Marketing with Videos

Pam Schallhorn, University of Illinois Extension, recently shared a video from Alton, Illinois. the video is a great example of how, without a lot of dollars, businesses and communities can effectively use videos in their marketing.

Videos continue to grow in popularity and use. Two trends in the use of videos make them attractive for marketing. The first trend is that short is great.  This video is around three minutes.

The second trend is that you don’t need a lot of fancy gear, a simple camera or even your smartphone can do the job. Plus you don’t need to do a lot, if any, editing. Even if some editing is needed, there are some programs that most people can pickup and use in just a short period of time.

Check out this video and then, “Lights, camera, and action,” should be your next step.

To here to read Pam’s blog.

Using All the Resources Available – Build Your Network

Success sogm

Photo (CC) Bruce Berrien, on Flickr

In order to do the best job we can, whether we are in business or are a service provider, the bottom line is we must use every resource available.

For business owners, one such resource are other business owners. This idea formed the basis for the Power of Business effort.

For service providers, such as those of us working for Extension, we have this vast network of each other that we can turn to for help and ideas.

Both of these internal resources are great and I hope you use them. Yet many more resources exist in organizations and businesses outside of our and second circles of connections. The example I will use here is the Farmers Market Federation of NY. 

This organization provides information for customers, farmers, and market managers. I have followed it for a couple of years. No, I am not from NY but what they provide gives me ideas for my work with local food promotion and the growers involved in that effort.

In there August 17th newsletter, they wrote about holding music events during market days. Now that may not be something new to you, but they included a press release used by a market manager, the Facebook event connection, and a photo used.

The article also provided some other resources (I love these type of freebies) including where to find special days and months (National Chicken Month, National Smile Day, etc). This lets you make an event when you might not think nothing exists. They also challenged market managers to make the market the special event of the week.

There may be nothing new here, but outside resources, such as these, can remind us of ideas we may have forgotten and new twists to something we are already doing. 

 

Engaging Small-business Customers with Facebook Contests

Social media rules in terms of marketing options. And Facebook is the king of social media.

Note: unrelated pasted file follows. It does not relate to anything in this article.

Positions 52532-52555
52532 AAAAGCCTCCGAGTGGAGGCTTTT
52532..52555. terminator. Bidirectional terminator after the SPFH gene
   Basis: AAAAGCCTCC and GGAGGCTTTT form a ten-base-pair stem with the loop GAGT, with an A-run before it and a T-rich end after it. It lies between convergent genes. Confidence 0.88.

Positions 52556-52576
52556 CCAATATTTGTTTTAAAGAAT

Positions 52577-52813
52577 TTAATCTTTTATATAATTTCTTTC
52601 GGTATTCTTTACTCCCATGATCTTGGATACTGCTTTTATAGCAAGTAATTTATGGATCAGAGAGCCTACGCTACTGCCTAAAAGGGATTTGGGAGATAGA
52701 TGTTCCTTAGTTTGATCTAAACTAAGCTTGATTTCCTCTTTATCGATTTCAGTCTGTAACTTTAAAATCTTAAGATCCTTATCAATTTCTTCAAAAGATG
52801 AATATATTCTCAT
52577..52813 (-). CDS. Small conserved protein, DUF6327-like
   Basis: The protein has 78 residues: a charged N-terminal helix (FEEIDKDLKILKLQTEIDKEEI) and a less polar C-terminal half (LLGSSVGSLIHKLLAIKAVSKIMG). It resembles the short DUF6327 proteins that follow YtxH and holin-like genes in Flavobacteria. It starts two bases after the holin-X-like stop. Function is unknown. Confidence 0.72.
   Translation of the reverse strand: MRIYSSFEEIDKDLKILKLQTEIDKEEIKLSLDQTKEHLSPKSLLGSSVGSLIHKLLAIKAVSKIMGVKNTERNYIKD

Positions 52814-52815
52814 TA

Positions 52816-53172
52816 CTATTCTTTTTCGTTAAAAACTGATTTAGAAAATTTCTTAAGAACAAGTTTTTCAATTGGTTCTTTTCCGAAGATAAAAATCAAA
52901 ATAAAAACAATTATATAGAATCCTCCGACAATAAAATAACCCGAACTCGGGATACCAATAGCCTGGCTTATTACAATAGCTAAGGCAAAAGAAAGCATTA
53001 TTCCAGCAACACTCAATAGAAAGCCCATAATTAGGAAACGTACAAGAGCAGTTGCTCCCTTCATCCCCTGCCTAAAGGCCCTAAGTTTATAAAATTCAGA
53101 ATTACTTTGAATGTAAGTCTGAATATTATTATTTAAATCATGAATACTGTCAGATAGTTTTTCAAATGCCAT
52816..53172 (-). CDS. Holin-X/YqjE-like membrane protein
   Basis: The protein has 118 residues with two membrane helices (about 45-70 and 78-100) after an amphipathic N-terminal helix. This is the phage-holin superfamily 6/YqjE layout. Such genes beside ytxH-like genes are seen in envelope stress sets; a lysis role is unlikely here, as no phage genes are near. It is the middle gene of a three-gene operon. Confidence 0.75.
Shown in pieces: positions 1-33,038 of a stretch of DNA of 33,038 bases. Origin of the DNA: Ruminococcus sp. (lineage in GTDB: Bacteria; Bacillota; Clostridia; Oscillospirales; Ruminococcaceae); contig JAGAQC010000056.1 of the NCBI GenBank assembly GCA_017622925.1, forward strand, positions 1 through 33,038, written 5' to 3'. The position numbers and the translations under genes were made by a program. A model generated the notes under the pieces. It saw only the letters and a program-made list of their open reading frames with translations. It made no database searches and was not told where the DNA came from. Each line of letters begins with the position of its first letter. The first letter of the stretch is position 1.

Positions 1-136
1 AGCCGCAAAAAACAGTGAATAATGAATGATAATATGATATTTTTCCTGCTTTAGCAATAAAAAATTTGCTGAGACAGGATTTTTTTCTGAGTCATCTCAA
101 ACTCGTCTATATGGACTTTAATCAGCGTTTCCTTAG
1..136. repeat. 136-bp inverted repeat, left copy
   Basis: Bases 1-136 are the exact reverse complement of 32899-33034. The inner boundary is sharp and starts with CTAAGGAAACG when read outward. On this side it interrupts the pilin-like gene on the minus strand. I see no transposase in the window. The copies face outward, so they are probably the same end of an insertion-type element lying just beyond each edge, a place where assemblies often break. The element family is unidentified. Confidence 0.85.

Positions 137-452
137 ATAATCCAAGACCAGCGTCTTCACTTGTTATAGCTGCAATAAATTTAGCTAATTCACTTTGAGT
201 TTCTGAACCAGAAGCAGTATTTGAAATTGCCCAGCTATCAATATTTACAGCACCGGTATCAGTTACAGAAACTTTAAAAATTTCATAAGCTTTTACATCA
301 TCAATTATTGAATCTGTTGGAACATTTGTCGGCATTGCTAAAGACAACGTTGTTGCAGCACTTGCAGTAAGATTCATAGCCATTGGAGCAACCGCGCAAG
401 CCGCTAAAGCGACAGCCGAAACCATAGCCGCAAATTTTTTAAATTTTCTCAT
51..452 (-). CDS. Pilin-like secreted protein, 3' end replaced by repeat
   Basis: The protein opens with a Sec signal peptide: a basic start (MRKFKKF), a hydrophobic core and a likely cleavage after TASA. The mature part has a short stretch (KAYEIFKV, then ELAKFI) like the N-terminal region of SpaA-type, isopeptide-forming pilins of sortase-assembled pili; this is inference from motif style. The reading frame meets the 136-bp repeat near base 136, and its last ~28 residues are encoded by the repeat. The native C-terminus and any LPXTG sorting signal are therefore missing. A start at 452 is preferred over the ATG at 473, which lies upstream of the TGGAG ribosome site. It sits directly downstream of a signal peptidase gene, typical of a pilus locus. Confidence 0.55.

Okay, those are bold statements and many would disagree. Yet the numbers are continuing to show that these statements, if not true today, can well be expected to be the case within one or two years.

So how does a small-business owner take advantage of this trend?

While there are lots of options, GROW Nebraska connected with Connie Hancock and Jenny Nixon, UNL Extension educators, to provide this session on how doing Facebook contests can attract and engage customers.

In the webinar, you will learn about the basics of branding and establishing your online image. You are then walked through some of the key elements for having a successful contests as well as some of the things not to do.

Examples of contests are used throughout the presentation. The idea of messages and what makes a good message is discussed.

If you are thinking of Facebook contests as an opportunity, or want to expand your expertise in running such events, then pull up a chair.

Marketing is changing. Social media is growing. And there is a good chance, Facebook should be part of your mix.

Make Time Management Work for You

Clock“I don’t have enough time.”

No matter whom I am with or whatever group I am participating in, these words are a constant in the comments that people are making.

No one has enough time and it seems like our lives just keep getting busier. So how can we manage?

There are lots of self-help books, articles, podcasts, and webinars on the subject. Some are good in my view and some aren’t. The most helpful tips come I find come from real people discussing their own situation.

In a recent conversation, I mentioned this common cry for time management help. An author friend, Claudette Hegel, was kind enough to share a chapter on time management from her book, Down-to-Earth Writer’s Manual. These tips are from her experiences. What I appreciate about the chapter is that she realizes the broader life people have than just their work. She has simple tricks to help you stay on task.

I encourage you to read this short chapter. Then develop tricks and eventually habits to help you get out from the time crunch so many of us feel.

Innovation

For small businesses to succeed, they need to be innovative. But what is it?

It might be said that we know innovation when we see it, but don’t ask us to define innovation or tell you what it is.

As this short video outlines, it is dots, known and those unknown.

Businesses that continue to operate discover the unknown dots. Yes, they may be new but they also may be dots we have forgotten.

Take a couple of minutes to watch the video. Then go discover the dots that will help you move forward and remain competitive. https://vimeo.com/77911159 

 

 

The Small Businesses Role in Communities

Small businesses are key to successful communities.

Many of us understand, certainly, the role of the small business in terms of the economic health of a rural community. And this remains true in larger communities as well.

However, less recognized is the role that small businesses hold in supporting a variety of charitable and community events. They also provide a great deal of human resources in terms of volunteers and leaders in local government and other organizations.